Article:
It has gone virtually unreported in the U.S., but the Iraqi government continues to imprison members of an Iranian opposition force in a location called "Camp Liberty" where they are deprived of food and fuel and many have apparently died. According to an agreement, the 2,500 or so members of the Mujahedin-el-Kalqh were to have been processed and sent abroad as refugees, but four years later, this has not occurred.

Thursday, July 16, 2015

Update for Thursday, July 16, 2015


As the Iraqi army and allied Shiite militias prepare the assault on Anbar province, tens of thousands of civilians are trapped in Fallujah and Ramadi. When those forces entered Tikrit in April, the city was largely deserted, but this time, IS is making sure the population cannot leave. As the cities are now besieged, food is in short supply. The U.S.-led coalition is not bombing the Fallujah area because most of the attacking forces there are Shiite militias, which the U.S. does not want to appear to be supporting. However, air strikes happening in the vicinity of Ramadi.

But even those who safely make it out of Iraq's Sunni heartland, where Islamic State has in part been able to tap into long-standing resentment of the Shi'ite-led authorities in Baghdad, complain that they are met with suspicion in the capital. "All roads were closed off, as if we are enemies of the government," said Saad Jaber, a 41-year-old who said he had been forced to stay with his brother in a town south of Falluja because he could not get to Baghdad. "The government was supposed to reward us and help us because we managed to escape from Daesh (Islamic State)," he said. "It's not our fault that the government is weak and unable to defend us."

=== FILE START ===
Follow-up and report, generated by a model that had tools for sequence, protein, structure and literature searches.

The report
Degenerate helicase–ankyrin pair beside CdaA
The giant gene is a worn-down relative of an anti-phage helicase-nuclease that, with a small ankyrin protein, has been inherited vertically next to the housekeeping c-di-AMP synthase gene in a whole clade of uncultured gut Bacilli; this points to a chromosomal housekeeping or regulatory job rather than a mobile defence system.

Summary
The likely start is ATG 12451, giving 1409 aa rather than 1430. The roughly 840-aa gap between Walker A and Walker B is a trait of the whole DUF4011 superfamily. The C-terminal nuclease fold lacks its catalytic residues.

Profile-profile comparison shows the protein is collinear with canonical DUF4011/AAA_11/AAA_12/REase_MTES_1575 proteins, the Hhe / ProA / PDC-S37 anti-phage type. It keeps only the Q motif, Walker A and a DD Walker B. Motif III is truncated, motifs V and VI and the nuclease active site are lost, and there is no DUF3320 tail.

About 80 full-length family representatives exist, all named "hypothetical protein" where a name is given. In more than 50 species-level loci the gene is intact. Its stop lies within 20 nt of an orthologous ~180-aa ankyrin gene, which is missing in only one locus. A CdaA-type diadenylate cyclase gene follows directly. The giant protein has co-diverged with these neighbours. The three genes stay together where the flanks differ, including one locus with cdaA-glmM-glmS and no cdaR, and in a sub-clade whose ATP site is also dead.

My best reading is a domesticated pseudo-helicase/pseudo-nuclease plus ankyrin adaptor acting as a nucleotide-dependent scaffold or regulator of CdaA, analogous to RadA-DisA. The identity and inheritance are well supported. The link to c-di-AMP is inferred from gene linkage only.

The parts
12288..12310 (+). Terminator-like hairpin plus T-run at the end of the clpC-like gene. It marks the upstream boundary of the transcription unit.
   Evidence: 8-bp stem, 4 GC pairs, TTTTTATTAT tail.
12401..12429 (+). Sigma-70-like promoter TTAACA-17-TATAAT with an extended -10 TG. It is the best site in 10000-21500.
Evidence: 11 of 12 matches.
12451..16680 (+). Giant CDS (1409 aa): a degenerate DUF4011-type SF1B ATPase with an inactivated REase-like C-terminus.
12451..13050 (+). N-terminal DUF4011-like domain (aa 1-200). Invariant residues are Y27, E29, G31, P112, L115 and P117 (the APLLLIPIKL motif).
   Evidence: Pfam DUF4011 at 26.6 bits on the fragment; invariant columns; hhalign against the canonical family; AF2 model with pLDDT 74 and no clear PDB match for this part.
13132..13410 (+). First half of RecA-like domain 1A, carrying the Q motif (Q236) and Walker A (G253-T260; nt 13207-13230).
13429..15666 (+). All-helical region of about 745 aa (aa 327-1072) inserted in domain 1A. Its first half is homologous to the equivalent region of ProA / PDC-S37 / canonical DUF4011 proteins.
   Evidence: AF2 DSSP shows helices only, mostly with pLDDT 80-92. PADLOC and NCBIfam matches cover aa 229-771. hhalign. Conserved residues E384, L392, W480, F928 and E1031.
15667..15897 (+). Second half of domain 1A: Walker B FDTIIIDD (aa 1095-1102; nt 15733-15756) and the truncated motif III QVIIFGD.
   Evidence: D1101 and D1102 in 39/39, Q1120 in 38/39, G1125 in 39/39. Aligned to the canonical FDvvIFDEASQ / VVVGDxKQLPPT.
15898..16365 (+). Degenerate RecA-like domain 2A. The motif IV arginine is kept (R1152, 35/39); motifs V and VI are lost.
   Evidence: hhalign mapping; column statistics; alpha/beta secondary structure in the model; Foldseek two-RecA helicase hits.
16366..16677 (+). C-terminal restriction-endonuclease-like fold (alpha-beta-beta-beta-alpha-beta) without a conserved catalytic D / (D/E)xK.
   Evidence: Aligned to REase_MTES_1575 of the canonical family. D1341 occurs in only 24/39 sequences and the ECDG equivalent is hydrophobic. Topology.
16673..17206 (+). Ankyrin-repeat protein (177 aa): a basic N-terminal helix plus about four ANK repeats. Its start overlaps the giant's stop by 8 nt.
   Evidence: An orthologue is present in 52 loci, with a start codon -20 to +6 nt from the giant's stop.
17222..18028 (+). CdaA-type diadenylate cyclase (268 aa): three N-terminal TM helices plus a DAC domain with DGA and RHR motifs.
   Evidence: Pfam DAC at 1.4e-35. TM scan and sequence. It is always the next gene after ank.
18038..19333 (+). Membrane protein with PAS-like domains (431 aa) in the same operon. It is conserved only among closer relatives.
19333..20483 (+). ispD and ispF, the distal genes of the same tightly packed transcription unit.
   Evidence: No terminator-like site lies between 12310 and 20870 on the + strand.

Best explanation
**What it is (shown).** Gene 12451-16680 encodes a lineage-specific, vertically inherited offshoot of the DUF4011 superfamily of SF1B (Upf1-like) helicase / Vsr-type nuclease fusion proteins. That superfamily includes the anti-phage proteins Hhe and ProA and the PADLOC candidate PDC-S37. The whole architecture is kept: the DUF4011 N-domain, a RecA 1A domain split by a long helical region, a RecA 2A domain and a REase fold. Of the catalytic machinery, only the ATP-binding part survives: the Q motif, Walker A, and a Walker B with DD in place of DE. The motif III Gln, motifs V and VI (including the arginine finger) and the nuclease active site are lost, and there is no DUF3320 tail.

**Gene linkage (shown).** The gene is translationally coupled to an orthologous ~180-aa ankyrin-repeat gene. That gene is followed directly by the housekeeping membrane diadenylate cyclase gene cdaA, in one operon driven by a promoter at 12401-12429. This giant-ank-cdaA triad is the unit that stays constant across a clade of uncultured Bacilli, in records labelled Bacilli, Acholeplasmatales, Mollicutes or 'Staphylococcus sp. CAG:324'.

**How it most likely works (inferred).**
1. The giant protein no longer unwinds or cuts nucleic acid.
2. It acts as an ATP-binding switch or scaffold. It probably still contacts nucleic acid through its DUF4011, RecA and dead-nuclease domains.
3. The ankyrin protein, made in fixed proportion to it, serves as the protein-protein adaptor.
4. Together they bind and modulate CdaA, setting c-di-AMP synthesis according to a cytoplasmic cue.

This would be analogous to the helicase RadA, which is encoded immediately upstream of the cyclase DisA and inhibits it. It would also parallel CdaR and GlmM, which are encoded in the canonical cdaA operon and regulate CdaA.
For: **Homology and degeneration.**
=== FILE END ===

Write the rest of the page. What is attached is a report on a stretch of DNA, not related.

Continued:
The U.S. has intensified its air campaign in Afghanistan, launching twice as many strikes in June as in recent months. The targets include former Taliban who have adopted the IS brand name, but most are focused on the Taliban.

And, the violence in general continues. Four children are killed by a bomb in Maidan Wardak. Five Afghan police are killed in an ambush in Laghman, while 6 Taliban are killed by a drone strike in Nangarhar. Another drone strike kills 10 Haqqani network fighters, also in Maidan Wardak, while a senior police officer, along with two others, is killed in Kandahar. Six police are killed by a suicide attack in Lashkargah.

Faryab province is under sustained assault, with militants controlling 40 villages and resident fleeing to Balkh. 

Afghanistan remained the world's most dangerous country for aid workers in 2014.

Mullah Omar is heard from for the first time in quite a while, endorsing peace talks with the Afghan government. However, with the Taliban increasingly fragmented, it is unclear whether he can deliver on any agreement.

Tuesday, July 14, 2015

Update for Tuesday, July 14, 2015

Sorry for the absence folks. The news was feeling kind of repetitive and I've been a bit down in the dumps, but I will pick up the pace again. -- C

As Iraq launches an offensive to retake ground in Anbar province, the U.S.-led coalition ramps up the pace of air strikes, with 39 in the past 24 hours.

Iraqi forces attack IS positions around Ramadi with rockets and mortar fire. The move on Ramadi is in part intended to isolate Fallujah. An Anbar provincial official claims the IS leaders are fleeing Fallujah and that the city is effectively besieged. [I cannot assess the credibility of this claim, I can't find corroboration for it.] An unnamed military official claims gains in the Fallujah area.

Residents of Mosul are steadily fleeing for Kurdistan as an offensive against that city is also promised.

Nevertheless IS claims responsibility for a series of bombings in Shiite neighborhoods of Baghdad that have killed 39 people.